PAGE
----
We’ve been underestimating birds for far too long. Here’s a great story about how Australian cockatoos have figured out how to open lidded trash bins and how the knowledge has been spreading through local populations via social learning. There are even regional cockatoo cultures which differ in which bin-opening technique the local birds use.
Crafty cockatoos master dumpster diving and teach each other
“Teach each other” is a bit of an exaggeration, but they do learn from each other.
People have tried weighting the lids with rocks and bricks, but cockatoos have figured out how to deal with that, too. Watch this cockatoo systematically dismantle the defenses in order to get at the trashy goodies:
The same group did a follow-up study on the “arms race” between cockatoos and humans:
Cockatoos in ‘arms race’ against Australians over rubbish bins
Defeating the cockatoos isn’t trivial, because solutions have to keep cockatoos out while still allowing the lids to flop open when the garbage truck lifts and tilts the bins.
You MUST be doing better, keiths!
That’s all I care about.
Disagreements aside when human dignity is on the line.
Do you have any tips how to keep raccoons out, a bit? I love the creatures but they poo right in front of my son’s room window because we built a sunroom/green house there that gives them an access to that area. All I want is for them to poo somewhere else… lol
There are various liquid and solid animal repellents on the market but I don’t know how well they work.
It isn’t clear from your description, but are the raccoons coming through some kind of opening? If so, could you cover the opening with chicken wire or some kind of mesh?
Raccoons used to come into my yard and menace my cats, so I would spray them with a Super Soaker. They seemed to hate being sprayed as much as cats do. To maximize their terror, I would chase and spray them all the way back to the storm drains from which they had emerged.
It wasn’t practical to stand guard every night, of course, but the experience was apparently traumatic enough that they would steer clear of my yard for a while after being sprayed.
Remembering that got me wondering whether anyone was selling some sort of motion-detector-based animal sprayer, so I looked around online and found several. Here’s one:
Orbit Enforcer Motion-Activated Sprinkler
Raccoons are lovely, intelligent creatures, and I bear them no ill will in general, but they cross a red line when they start messing with my cats.
I don’t have any pets. Not yet. I told my kids and wife if they want to pet someone, they can pet me anytime… lol I’m the only pet they are going to get until I officially retire. Then, I may get a dog and a cat at the some time…
What do you think? Good or bad idea?
We have bears. In three years I forgot just once to put the bin in the garage, and woke up with garbage everywhere.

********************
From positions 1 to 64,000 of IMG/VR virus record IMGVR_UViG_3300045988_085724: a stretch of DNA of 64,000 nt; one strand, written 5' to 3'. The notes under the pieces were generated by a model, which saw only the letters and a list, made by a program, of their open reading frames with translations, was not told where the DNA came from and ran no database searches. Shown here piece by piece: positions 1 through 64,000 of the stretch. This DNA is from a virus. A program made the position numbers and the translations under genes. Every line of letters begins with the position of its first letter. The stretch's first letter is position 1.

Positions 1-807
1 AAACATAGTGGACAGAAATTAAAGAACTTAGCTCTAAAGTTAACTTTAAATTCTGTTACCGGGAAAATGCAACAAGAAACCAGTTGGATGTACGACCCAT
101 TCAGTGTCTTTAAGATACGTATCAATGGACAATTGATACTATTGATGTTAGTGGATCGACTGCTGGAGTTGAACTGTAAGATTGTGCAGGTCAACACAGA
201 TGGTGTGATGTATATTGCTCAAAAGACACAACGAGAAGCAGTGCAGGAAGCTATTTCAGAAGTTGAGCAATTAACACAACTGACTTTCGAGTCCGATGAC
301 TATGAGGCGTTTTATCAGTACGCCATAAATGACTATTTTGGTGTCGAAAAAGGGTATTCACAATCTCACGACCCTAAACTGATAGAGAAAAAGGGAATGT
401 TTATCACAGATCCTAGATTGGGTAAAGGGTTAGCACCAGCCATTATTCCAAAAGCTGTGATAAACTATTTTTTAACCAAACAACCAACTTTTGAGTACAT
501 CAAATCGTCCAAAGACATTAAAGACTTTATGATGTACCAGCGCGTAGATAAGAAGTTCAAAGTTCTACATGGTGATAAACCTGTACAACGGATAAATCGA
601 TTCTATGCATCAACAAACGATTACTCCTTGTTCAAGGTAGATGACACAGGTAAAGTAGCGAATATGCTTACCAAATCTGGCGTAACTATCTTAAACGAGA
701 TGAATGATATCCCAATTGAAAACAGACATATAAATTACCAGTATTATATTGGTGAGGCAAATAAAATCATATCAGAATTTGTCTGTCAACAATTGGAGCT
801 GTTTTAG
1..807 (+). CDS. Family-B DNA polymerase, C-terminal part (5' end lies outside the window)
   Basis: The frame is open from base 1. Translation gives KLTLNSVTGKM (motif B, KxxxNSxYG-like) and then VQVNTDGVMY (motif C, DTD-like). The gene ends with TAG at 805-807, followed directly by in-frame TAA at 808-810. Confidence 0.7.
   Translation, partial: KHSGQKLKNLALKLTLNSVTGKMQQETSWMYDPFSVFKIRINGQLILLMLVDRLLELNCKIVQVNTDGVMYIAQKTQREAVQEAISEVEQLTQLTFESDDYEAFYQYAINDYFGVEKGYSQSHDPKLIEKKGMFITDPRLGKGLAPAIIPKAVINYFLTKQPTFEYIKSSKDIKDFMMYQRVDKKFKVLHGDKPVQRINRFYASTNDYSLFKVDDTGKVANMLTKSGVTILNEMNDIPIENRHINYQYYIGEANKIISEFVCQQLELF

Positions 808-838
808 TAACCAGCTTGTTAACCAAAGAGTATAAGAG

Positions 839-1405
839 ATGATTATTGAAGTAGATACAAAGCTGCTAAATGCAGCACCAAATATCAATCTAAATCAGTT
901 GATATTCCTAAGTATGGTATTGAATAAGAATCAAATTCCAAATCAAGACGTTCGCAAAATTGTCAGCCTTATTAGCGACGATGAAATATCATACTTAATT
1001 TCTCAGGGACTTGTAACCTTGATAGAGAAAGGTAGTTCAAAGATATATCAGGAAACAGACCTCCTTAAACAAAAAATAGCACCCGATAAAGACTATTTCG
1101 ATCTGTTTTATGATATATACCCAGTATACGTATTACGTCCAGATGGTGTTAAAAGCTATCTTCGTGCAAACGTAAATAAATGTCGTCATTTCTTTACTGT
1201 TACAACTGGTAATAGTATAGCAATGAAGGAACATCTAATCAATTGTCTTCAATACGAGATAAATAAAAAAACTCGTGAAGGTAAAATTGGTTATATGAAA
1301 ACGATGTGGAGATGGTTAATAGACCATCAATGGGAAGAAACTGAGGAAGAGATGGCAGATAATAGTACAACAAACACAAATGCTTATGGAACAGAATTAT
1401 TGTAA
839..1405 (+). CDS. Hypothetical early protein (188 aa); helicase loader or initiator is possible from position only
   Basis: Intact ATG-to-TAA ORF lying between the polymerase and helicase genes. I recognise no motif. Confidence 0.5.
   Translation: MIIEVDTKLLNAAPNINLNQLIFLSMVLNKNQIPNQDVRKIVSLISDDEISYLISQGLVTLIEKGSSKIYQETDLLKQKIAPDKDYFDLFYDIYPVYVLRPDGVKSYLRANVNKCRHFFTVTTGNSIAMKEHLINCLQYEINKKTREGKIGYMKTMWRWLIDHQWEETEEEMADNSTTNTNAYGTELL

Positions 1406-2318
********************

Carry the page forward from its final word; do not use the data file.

There’s no particular reason why cats and dogs can’t get along. Plenty of them do. It’s really just a matter of their individual personalities and how much exposure they’ve had to the other species. They often get along fine, and they may even bond, as shown in the image below.
I would advise against getting both at the same time. If you’ve never had pets before, it’s best to start with one, learn the ropes, get some experience under your belt, and then decide whether to adopt another. And even if you do have pet experience, you don’t want a situation where the animals are getting used to you, the house, and each other all at the same time. Best to adopt separately.
Wild Cockatoos Make Cutlery Sets
ETA: another video
More avian tool use:
Woodpecker Finch Finds Food With Tools
Another example of animal intelligence:
A cuttlefish passes the marshmallow test!
Can this Cuttlefish Pass an Intelligence Test Designed for Children?
It’s hard not to feel sympathy for the crayfish, who get thrown to the cuttlefish like Christians to the lions.
My niece wrote “Those poor crayfish have no chance to pass the marshmallow test because they ARE the marshmallow.”
Cats were used in a lot of early research because they are very good at escape.
“Bizarre” Octopuses Carry Coconuts as Instant Shelters
Scientists are blown away by octopuses discovered tip-toeing with coconut-shell halves suctioned to their undersides, then reassembling the halves and disappearing inside—a rare example of animal tool use, a new study says.
Dolphins Can Call Each Other, Not by Name, But by Whistle
“The discovery that a dolphin can imitate the signature whistle of another offers a glimpse of how these marine mammals converse.”
Facial recognition in wasps:
Like humans, wasps seem to recognize faces as more than the sum of their parts
Experiment suggests social wasps evolved an efficient facial recognition system